Scottish National Dictionary (1700–)

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HUVIE, n. Also huvvy, hüvi (Angus), huivy; høvi, hovi(e) (Jak.), houvie, hoovie; heevie, heavie (Ork.); haev(y) (Cai.); ¶hob(b)i. [Sh. høvi; Ork., Cai. hi:vi]

1. A basket woven from plaited straw or dried stalks of the dock, varying in shape and use, creel-shaped for carrying fish, of a squarer form with a cross handle for holding bait, or like an inverted beehive for holding salt (Cai. 1902 E.D.D., haev; Sh. 1908 Jak. (1928); Ork. 1929 Marw.; Cai. 1957, heevie; Sh. 1957). Used in Cai. by children collecting Halloween gifts (Cai. 1957). Combs. bet-hovi, sauti hob(b)i (Jak.). Sh. 1877  G. Stewart Fireside Tales 32:
Liftin' up his head ta rake ower his hovvie.
Sh. 1916  J. Burgess Rasmie's Smaa Murr (Faebruary 23):
A cloister is no da best huvvy for da saat o da aert.
Sh. 1931  Scots Mag. (Aug.) 336:
“Hoovie” retains its ancient form and means a basket for holding bait.
Cai. 1940  John o' Groat Jnl. (1 March):
Gang oot tae 'e farskal for ma haevy o' lempads.

2. A muzzle of plaited straw fastened over a horse's mouth to prevent it from eating the corn (Sh. 1908 Jak. (1928)).

3. A kind of basket-work fish-trap used in a trout-stream (Ork. 1887 Jam.; Sh. 1908 Jak. (1928), 1914 Angus Gl.; Sh., Ork. 1957). Comb. høvi-brigg, a bridge to which such a trap is fastened (Sh. 1908 Jak. (1928)). Sh. 1845  Stat. Acc.2 XV. 107:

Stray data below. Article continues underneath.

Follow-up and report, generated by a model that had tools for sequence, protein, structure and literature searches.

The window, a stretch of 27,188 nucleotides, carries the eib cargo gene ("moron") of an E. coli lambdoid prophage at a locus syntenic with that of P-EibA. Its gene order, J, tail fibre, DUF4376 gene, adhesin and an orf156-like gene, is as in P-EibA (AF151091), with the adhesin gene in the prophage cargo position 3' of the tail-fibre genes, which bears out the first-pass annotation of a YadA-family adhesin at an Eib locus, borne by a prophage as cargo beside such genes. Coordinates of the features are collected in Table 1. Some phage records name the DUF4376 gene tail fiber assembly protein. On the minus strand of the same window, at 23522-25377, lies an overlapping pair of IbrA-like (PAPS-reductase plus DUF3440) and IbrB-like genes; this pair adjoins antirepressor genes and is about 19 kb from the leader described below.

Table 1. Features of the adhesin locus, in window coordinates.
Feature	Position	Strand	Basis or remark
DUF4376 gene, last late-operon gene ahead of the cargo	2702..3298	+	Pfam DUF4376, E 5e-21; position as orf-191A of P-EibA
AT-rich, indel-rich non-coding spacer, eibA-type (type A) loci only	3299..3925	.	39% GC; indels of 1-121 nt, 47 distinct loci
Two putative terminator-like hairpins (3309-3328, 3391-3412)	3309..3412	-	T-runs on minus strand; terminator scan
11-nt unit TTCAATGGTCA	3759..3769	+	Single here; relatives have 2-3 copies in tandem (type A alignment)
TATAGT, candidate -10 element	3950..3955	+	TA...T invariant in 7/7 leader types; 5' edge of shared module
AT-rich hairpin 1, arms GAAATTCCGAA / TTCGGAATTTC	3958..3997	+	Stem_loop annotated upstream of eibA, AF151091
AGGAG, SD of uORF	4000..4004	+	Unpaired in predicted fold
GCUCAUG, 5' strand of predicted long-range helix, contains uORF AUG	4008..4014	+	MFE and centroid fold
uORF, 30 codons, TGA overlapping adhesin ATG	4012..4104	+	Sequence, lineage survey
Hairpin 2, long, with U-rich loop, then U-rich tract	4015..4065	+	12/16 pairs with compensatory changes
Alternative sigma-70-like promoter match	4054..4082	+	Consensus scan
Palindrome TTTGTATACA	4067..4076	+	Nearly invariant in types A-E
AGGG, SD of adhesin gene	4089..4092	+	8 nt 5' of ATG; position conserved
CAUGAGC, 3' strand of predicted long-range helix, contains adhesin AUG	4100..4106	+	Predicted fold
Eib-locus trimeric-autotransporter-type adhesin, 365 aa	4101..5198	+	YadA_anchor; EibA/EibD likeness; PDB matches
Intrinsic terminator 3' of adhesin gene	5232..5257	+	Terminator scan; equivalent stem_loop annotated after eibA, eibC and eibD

The houvie is made of the stalks of the dock, wide at the one end, and narrow at the other. A dike is built across the burn, leaving an open space in the middle sufficient to admit the wider end of the houvie. After the houvie is firmly placed in this open space, a person, with a stick in his hand, wades down the burn, and drives the trouts before him. Having entered the houvie and reached its narrow end, they cannot turn to get out again.

4. A small basket scoop with a wooden handle used for landing fish (Ork. 1929 Marw.).

[Appar. ad. Norw. hov, haav, a fish-creel, a river-net. The phonology however is irreg. There has prob. been influence from Kuivy with similar meanings.]

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"Huvie n.". Dictionary of the Scots Language. 2004. Scottish Language Dictionaries Ltd. Accessed 19 Feb 2019 <>



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